Review: L’Wren, Hawk and the Doves by D.K. ffrench

L’Wren, Hawk and the Doves by D.K. ffrench
Release Date: March 27, 2015
Publisher: Breathless Press
Pages: 121
Source: book provided by the publisher for review

 

 

Captain Saker Hawkings and First Mate L’Wren James agree to keep the mission and passion separate, but with two beautiful alien empaths onboard, it’s not only planetary peace negotiations that are in danger of breaking down.

L’Wren James and Saker Hawkings know that there’s no room on a starship for a captain and first mate to indulge their passion during a dangerous peace mission. The fragility of the cease-fire in the gender war on the divided planet Ourania threatens the stability of subspace shipping lanes, and the starship Sulaco’s mission is to get the negotiating team there and deliver them safely back.

When they take onboard Anchises and Cytheria, mysterious empath negotiators from the secretive world of Turaceona, they find their commitment to duty and to each other a struggle to maintain in the sexually heightened and emotionally charged atmosphere.

But Anchises’s and Cytheria’s struggle to keep their secret and the loss they cannot speak of hidden leaves one dangerously injured and the other missing in action. Only the truth about the man he is and the woman she is can save them.

Can Hawk and L’Wren face up to the challenges of duty, passion, and sexuality and still save not only their relationship but the peace process itself?

 

 

Review: Interesting…I think…No I know that I liked this off beat/off the wall story or was it? I was a bit confused at first but once I grasped the story as a whole and blocked out the background I was able to put it into perspective. I found it rather enjoyable. Actually I liked it a lot.

The story seems to be told from everyone’s point of view. As if we are in the minds of all the characters that are in focus at the time the story is being told. Kind of like we are on the inside of each individual looking out; as if we are the ones telling the story…making the story personalized to each of us as the reader. We are the story. Leaving us questioning or perhaps answering what we need to have answered. If that makes sense.

L’Wren is a very beautiful woman (green is indeed beautiful) with her soft downy feathers. L’Wren is just like her namesake a wren. She is small yet strong and mighty. She knew who she was and what she wanted. Captain Hawk also was written as a very strong, self-assured, handsome man. He was written as the perfect man’s man. At first I wasn’t sure how two strong characters could survive but I soon found out it worked because the author soon introduced a character who in all accounts was much stronger. As the story begins we find that L’Wren and Hawk are very much attracted to each other. You could say that they probably leaned toward love for one another. But, as they were preparing for this mission they were left sexually charged…release was needed as they couldn’t act or wouldn’t act on the sexual tension because the mission was important. A gender divided planet was in need of peace talks so in walk the Doves…let me just say with the description and my vivid imagination I would have questioned my sexual orientation. The empath or “doves” are brought up on a planet were you could be a young boy one day and a young girl the next. They are from a planet that raises children who are able to choose their own gender. I found this concept to be totally awesome. I don’t want to give away the whole story so…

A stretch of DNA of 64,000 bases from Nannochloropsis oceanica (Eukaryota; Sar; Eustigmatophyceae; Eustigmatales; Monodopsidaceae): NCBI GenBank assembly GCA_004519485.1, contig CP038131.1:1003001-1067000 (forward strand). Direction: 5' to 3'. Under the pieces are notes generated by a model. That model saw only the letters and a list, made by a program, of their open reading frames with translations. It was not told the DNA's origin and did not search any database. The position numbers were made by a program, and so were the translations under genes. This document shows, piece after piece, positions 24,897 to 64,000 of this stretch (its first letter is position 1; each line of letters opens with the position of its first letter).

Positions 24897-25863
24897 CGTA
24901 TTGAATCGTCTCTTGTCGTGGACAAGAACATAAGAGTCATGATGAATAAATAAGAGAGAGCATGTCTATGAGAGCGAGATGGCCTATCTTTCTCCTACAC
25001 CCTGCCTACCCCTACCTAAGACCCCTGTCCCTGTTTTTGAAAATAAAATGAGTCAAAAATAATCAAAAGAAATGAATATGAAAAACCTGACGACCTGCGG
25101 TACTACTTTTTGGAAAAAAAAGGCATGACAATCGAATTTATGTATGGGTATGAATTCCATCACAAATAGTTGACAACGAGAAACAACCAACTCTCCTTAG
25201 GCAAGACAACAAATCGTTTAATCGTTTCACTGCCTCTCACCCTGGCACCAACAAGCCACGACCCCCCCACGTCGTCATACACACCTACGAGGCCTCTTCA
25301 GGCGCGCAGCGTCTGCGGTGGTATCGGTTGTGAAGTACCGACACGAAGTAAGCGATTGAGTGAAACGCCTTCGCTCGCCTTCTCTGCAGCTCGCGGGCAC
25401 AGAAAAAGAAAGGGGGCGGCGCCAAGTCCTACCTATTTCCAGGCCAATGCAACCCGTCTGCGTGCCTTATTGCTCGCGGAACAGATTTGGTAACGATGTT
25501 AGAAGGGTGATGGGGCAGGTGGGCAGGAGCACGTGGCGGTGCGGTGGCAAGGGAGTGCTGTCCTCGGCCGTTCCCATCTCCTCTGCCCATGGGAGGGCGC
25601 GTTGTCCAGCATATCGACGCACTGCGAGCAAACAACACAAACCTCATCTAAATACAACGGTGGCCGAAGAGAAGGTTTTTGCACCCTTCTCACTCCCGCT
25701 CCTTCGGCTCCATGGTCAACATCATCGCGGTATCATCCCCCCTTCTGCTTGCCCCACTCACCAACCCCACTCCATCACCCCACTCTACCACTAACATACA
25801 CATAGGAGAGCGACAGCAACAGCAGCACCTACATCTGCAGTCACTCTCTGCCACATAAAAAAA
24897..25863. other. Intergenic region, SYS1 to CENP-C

I think I liked, no I know that I enjoyed Cytheria/Anchises more than L’Wren and Hawk. Whether intentional or not, I enjoyed the empaths more and wanted to know all about them. I was intrigued with them as characters and what they were able to accomplish. They really knew who they were. The author made the empath powers realistic…because you are able to feel the reactions the characters have for each other.

I found the whole gender issue to be so fresh within the story. Each character was left knowing that they are who they are. They are born or raised one way but are they really wrong to feel or find themselves to be attracted to someone different sexually or racially? Wouldn’t this broaden or perhaps enhance/enrich their lives, or love life? Or even ours for that matter?

This is one hot book, with sex scenes so well written that you are able to feel the tension and relief not really caring if it is m/m, f/f or m/f. The love/sex scenes just melt in with the story. They don’t stand out saying you just read a sex scene. They are touching and beautiful. Showing us we shouldn’t be ashamed of our sexuality. The story is written showing that no matter what your orientation is…it is all so beautiful. We all feel the same.

D.K. ffrench is brilliant in raising awareness of the issues that we are faced with in society today. Clever is what this author is. I look forward to more from him.